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Graduate students: who wrote your LOR?

Discussion in 'Nontraditional Students' started by SPTtoMD, Mar 11, 2012.

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  1. SPTtoMD

    SPTtoMD 2+ Year Member

    Mar 5, 2012
    This is mainly a question for you nontraditional medical students who had switched over from another graduate program: who wrote your letters of recommendation?

    I am in the first year of a three-year DPT program, and I'm worried about asking any of the instructors in PT school for a letter of recommendation to medical school. (I'll be applying during third year.) Although we get a lot of one-on-one contact with them, especially with our research advisers, it doesn't seem like they would be crazy about helping one of their students switching to a field that isn't physical therapy. Did any graduate students ask their graduate instructors to write their LOR's, or would it be best to find other options? I am employed and still remain in contact with instructors from undergrad, so those might be feasible.

    Thanks for the help, and sorry if this is a repeat thread.
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  3. abumblingbee

    abumblingbee bumbling along 5+ Year Member

    Sep 1, 2010
    I worked in industry for a couple of years before going back to school to do med school prereqs in a post-bac program. I'm getting my recommendation letters together right now, and I have one letter from a professor I worked closely with in undergrad, one from a mentor I had in industry, a committee letter from my pre-med adviser in my post-bac, and one from a professor who taught me in my post-bac (who barely knew me but my adviser required one from the program).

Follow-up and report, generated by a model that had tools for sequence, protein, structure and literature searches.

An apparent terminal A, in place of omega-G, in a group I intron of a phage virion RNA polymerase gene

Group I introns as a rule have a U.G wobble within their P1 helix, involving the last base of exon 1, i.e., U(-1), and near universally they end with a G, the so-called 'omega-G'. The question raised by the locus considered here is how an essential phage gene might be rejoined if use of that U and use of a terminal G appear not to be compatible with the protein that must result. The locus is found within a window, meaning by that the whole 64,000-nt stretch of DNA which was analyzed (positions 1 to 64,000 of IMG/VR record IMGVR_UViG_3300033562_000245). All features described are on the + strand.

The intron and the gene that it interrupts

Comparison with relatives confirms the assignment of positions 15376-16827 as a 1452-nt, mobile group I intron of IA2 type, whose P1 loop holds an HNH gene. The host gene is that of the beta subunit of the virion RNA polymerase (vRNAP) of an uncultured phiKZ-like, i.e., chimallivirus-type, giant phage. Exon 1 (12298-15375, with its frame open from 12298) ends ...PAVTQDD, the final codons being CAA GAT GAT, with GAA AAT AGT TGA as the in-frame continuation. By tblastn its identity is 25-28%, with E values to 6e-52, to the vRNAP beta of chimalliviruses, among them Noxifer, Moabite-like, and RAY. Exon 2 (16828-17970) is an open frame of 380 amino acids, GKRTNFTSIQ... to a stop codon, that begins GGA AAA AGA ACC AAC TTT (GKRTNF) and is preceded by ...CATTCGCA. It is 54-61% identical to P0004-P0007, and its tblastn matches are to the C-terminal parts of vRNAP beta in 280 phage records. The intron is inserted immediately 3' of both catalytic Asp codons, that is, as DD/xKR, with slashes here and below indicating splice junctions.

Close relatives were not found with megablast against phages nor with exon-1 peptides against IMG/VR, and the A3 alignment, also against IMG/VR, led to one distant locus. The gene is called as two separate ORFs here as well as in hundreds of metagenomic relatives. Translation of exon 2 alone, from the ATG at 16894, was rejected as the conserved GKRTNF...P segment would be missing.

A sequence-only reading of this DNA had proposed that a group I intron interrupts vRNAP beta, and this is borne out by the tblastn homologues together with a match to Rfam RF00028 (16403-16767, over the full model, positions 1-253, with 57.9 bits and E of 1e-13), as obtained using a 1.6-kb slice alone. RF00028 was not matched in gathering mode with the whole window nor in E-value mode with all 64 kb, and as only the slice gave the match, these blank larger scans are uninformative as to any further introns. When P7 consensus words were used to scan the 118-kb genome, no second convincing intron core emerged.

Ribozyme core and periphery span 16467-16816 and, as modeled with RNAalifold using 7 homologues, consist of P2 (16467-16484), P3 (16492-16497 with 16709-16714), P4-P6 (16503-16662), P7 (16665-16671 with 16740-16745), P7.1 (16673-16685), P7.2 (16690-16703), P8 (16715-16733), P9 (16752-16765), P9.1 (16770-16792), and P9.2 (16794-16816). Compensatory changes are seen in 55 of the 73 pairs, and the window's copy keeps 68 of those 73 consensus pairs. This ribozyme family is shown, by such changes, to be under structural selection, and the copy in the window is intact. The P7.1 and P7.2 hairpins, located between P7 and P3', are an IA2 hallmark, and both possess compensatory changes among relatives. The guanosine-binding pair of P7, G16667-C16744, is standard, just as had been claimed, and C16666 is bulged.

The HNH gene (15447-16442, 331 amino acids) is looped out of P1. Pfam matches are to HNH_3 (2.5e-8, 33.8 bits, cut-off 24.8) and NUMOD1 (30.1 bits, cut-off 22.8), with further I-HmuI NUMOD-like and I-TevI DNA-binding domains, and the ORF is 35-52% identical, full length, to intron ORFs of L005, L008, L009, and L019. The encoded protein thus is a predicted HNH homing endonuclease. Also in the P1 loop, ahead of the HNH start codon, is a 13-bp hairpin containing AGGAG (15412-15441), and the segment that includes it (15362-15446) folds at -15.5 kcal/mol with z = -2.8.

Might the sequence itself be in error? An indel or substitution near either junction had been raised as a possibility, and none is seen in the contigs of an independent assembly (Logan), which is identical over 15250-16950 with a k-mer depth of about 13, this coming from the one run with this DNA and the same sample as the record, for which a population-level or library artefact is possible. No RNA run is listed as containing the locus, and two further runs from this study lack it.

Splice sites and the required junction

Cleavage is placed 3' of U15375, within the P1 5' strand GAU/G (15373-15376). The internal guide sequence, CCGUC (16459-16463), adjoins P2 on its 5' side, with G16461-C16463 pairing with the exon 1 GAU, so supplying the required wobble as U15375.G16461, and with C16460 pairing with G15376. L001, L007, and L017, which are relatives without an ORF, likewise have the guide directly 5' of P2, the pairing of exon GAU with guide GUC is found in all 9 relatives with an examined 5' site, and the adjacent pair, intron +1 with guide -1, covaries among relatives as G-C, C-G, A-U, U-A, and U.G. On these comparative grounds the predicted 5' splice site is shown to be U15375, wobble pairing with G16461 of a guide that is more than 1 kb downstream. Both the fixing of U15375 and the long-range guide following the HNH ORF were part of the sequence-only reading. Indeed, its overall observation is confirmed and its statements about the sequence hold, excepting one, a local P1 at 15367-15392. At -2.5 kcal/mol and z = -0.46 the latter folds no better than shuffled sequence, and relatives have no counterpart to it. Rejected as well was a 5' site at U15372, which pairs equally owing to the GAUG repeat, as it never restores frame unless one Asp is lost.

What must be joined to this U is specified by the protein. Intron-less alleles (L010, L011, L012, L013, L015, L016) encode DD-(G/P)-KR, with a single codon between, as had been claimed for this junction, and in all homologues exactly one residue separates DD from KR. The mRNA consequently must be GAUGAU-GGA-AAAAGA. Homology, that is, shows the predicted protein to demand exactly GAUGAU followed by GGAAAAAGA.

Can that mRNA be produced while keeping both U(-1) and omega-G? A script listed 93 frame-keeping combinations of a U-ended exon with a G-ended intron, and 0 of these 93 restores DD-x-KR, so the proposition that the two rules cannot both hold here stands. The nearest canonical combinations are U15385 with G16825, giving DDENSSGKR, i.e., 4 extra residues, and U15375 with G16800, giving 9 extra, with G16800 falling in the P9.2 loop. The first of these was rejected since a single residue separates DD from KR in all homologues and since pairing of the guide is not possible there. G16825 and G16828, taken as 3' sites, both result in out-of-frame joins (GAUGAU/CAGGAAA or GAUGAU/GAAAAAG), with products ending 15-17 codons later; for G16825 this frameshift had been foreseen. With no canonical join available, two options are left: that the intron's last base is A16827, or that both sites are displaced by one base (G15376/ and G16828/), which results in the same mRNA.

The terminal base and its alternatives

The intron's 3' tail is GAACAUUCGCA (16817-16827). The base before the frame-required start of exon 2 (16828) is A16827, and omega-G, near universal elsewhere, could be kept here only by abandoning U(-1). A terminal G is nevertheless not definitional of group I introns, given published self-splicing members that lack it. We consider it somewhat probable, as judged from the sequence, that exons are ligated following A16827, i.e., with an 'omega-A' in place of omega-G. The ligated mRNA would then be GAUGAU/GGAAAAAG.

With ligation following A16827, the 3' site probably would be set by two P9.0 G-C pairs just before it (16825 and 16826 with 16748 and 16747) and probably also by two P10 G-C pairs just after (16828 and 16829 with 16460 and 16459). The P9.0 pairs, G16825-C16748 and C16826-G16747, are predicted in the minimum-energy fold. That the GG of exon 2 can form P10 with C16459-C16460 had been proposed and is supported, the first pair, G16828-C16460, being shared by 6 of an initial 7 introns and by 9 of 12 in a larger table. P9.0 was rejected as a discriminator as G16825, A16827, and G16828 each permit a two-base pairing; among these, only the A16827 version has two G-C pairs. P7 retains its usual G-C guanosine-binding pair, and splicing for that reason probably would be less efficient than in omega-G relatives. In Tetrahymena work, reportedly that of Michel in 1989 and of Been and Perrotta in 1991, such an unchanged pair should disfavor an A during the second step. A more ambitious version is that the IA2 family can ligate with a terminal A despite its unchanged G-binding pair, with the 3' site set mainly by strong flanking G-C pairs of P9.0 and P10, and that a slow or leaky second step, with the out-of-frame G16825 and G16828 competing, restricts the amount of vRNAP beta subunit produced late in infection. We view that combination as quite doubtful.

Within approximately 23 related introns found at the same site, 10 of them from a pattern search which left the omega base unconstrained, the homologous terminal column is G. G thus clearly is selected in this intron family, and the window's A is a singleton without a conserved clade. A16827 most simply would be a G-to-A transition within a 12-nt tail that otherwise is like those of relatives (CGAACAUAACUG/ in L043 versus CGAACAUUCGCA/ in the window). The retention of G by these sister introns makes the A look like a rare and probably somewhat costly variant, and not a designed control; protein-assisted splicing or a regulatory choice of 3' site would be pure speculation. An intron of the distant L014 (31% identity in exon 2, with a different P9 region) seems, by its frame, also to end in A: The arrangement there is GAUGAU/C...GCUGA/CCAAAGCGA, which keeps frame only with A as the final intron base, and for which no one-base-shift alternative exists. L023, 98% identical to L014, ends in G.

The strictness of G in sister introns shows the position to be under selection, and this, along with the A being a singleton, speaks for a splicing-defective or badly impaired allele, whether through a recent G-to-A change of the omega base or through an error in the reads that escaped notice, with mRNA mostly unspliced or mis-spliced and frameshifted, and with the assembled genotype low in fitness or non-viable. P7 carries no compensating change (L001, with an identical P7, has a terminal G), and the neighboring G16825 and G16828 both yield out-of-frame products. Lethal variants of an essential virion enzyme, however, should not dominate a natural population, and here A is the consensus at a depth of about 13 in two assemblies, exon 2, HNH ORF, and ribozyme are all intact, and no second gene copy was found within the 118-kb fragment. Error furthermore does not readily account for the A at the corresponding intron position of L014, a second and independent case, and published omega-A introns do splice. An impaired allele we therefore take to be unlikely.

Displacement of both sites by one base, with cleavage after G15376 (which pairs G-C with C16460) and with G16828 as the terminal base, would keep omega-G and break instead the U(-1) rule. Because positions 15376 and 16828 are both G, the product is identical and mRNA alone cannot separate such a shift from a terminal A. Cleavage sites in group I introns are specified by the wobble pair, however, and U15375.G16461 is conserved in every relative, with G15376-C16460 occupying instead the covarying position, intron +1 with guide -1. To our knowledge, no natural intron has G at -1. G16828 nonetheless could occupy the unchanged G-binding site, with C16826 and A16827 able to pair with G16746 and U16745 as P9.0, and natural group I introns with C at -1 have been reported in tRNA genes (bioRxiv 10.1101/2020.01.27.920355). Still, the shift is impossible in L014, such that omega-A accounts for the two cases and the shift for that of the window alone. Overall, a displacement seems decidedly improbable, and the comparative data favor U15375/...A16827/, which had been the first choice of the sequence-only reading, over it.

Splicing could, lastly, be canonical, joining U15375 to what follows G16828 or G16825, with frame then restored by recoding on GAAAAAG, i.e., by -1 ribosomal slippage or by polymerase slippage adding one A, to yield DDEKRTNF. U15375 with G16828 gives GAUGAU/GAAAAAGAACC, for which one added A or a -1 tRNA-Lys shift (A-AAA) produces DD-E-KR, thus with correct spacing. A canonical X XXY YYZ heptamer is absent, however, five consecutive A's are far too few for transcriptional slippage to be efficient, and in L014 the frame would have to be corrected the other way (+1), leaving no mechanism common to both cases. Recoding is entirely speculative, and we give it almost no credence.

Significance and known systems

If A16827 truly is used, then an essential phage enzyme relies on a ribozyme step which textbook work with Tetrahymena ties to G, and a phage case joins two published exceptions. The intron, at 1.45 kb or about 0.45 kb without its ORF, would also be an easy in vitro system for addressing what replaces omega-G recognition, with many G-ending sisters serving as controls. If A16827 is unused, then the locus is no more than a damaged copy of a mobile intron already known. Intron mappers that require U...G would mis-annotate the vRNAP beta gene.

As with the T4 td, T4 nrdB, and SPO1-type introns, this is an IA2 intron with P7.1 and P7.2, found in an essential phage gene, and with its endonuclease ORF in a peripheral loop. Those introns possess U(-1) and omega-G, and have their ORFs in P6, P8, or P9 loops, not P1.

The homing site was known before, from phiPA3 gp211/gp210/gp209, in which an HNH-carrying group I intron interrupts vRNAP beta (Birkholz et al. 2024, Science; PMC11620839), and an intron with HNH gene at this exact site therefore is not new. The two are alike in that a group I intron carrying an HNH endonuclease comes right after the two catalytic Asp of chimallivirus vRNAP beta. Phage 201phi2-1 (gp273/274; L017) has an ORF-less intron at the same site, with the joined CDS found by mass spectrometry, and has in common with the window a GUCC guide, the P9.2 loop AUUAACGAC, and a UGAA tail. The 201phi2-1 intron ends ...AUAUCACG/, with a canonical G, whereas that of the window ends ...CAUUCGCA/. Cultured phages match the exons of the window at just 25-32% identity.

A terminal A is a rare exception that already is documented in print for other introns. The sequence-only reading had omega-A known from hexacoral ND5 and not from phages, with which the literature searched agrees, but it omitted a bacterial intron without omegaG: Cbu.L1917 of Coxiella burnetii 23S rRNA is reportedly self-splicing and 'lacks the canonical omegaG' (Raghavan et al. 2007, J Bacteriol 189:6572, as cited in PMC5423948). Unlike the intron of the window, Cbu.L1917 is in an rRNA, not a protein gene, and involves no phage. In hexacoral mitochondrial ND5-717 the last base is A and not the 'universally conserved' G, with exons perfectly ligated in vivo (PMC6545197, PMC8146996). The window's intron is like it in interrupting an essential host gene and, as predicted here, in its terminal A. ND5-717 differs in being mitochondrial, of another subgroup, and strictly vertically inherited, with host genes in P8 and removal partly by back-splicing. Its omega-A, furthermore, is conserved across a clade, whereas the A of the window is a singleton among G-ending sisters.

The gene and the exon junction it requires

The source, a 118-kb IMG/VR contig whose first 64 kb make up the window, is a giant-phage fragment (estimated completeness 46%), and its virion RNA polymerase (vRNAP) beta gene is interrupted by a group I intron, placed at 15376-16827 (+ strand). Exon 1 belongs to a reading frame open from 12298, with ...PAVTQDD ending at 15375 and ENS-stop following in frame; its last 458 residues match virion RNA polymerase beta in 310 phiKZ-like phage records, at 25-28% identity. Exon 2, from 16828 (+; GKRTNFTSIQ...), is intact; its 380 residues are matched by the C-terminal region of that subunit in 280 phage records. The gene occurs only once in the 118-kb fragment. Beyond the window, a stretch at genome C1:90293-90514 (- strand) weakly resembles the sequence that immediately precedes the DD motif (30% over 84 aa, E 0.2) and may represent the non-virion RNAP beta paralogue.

The company I worked for after college was all about "company loyalty" and moving up the career ladder. They did not look too kindly on people who weren't in it for the long haul, so I kept my med school plans a secret. Once I had developed a close working relationship and a pretty good friendship with my mentor and knew I could trust her, I asked her for a letter of recommendation and she was happy to provide it because she knew me well and was supportive of me going after my dreams.

    You might have some professors who get their backs up if they find out you have higher ambitions, but if you develop a good relationship with someone you feel is really supportive, then by all means ask them for a letter.

    And if you have any undergrad professors who you think would make a good recommender, by all means include them too. I haven't gotten in to med school yet, but from what I've seen it's a good sign when an applicant can provide examples of academic and/or work success from all the major phases of their life (college and later)

    Good luck!

    Hope this helps! If not just ignore me ;D
  4. ChemMed

    ChemMed Curiosity is Fun! 5+ Year Member

    Apr 16, 2010
    Yes I did ask for LORs from my advisers. They're usually not excited about the subject to say the least. It may take some negotiating to convince them that this is what is best for you. My suggestion is to pick out the few who you know would have your best interest at heart and tell them why you want to change. Once they are convinced that this is what you believe is best for you they will most likely help you (as long as they know and trust you). It takes a bit of courage but I'm sure you have it. Good luck and PM me if you have any questions.